Still in just as much pain, sometimes worse. Going to try a nerve block on Feb. 29.

                          If you can get it to open, there's an animation at pphinfo.com.
                          Last edited by Fragile; 02-14-2008, 04:54 PM.

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                          • #14
                            Scott, I am facing my first surgery for prolapse, that is in the advance stage of being a full-prolapse. I have suffered severe IBS for the last 20 years now, it affects everything I do when it fills like it. I have been doing extensive research about the prolapse surgeries and have read a lot more negative things than positive ones, no matter how the surgery is done. The only real positive feedback I see is the colostomy decision to really make the right changes I am seeking so desperately. I am tired and my body is tired after the last 20 years of pain and all the colonoscopies and GI test. Now the prolapse is just about all I can stand. I am so afraid that if it is only corrected then it will just return again or I will have worse IBS than before. So this is the reason I am looking into having the colostomy done instead. Thank you for any advice y may have.

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                            • #15
                              Originally posted by denisejohnson View Post
                              Scott, I am facing my first surgery for prolapse, that is in the advance stage of being a full-prolapse. I have suffered severe IBS for the last 20 years now...Thank you for any advice y may have.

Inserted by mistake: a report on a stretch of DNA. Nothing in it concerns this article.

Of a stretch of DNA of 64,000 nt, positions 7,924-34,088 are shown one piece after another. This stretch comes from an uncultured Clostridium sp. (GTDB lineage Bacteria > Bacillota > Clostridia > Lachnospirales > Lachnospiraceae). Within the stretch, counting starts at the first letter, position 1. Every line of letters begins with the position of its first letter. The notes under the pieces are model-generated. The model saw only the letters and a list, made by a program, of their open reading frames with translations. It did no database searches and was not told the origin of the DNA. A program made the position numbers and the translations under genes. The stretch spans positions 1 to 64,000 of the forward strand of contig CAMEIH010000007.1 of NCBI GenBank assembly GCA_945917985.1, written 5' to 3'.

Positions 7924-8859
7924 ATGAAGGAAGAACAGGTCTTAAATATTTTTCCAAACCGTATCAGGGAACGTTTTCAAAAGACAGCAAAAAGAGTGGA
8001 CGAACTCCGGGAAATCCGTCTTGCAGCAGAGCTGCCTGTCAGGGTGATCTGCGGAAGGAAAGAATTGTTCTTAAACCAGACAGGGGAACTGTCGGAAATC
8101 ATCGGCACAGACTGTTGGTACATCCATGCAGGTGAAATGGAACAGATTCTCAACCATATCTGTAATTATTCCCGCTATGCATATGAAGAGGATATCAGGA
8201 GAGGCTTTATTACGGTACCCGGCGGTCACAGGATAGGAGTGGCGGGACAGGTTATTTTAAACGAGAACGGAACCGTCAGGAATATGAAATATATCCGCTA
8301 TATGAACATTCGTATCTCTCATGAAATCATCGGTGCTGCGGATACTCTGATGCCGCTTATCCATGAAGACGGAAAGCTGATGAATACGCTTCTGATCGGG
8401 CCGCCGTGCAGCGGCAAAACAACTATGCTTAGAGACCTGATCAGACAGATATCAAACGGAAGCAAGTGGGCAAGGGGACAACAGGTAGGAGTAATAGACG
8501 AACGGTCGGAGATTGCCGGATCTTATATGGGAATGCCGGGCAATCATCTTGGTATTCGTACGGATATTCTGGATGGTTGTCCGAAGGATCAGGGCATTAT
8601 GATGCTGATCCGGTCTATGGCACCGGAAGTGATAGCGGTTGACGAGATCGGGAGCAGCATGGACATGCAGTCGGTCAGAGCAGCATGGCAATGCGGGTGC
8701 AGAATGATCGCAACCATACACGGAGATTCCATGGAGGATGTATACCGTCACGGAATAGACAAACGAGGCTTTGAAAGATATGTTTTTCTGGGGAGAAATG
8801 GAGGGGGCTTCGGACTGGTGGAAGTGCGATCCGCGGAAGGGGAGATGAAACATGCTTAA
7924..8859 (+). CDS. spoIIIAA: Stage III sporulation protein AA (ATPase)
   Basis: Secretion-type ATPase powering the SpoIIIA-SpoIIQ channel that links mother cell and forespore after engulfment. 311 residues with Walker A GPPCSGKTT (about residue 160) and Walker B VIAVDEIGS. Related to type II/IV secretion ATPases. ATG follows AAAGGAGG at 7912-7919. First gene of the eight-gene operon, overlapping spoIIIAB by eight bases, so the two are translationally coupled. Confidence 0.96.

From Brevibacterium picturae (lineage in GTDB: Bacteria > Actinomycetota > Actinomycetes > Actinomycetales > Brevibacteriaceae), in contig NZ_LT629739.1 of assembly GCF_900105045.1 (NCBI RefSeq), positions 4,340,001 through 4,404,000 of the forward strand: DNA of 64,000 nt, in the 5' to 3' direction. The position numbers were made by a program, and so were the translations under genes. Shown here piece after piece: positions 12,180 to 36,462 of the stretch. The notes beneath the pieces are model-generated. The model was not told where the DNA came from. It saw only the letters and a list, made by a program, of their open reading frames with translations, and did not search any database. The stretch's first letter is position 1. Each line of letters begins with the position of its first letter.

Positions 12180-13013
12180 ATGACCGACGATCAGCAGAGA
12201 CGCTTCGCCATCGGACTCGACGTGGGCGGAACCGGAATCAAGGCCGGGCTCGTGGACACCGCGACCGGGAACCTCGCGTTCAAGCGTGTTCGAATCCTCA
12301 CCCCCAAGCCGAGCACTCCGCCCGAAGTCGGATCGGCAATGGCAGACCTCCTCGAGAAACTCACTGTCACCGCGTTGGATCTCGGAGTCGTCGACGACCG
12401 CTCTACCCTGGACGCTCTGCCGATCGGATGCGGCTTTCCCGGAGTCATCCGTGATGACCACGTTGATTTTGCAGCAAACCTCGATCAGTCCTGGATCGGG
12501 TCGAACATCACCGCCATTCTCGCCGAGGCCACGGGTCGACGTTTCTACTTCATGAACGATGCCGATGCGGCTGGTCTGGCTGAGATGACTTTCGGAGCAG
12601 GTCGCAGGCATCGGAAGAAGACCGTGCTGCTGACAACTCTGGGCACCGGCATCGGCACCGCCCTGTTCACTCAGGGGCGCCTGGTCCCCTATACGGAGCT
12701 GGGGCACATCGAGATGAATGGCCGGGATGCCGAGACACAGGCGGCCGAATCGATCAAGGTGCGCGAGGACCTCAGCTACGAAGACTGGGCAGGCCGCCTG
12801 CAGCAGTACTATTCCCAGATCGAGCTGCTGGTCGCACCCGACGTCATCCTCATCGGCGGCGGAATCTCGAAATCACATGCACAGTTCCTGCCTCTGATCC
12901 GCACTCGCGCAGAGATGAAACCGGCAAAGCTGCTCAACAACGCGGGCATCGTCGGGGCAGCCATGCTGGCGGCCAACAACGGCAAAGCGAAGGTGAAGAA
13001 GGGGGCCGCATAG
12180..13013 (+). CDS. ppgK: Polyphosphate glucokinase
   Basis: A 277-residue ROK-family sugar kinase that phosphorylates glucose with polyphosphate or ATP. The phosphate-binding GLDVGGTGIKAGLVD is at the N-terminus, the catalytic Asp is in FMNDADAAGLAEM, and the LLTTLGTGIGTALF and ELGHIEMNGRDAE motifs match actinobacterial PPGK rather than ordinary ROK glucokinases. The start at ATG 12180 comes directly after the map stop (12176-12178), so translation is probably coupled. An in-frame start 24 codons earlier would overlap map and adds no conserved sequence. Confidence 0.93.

What is your level and type of spinal cord injury? You have posted here again on a very old thread with these questions. These forums are primarily for those with paralysis due to spinal cord injury or disease. If you do not have one of those conditions, you will find much better information on a forum designed for those with IBS or colitis/ileitis.

                              (KLD)
                              The SCI-Nurses are advanced practice nurses specializing in SCI/D care. They are available to answer questions, provide education, and make suggestions which you should always discuss with your physician/primary health care provider before implementing. Medical diagnosis is not provided, nor do the SCI-Nurses provide nursing or medical care through their responses on the CareCure forums.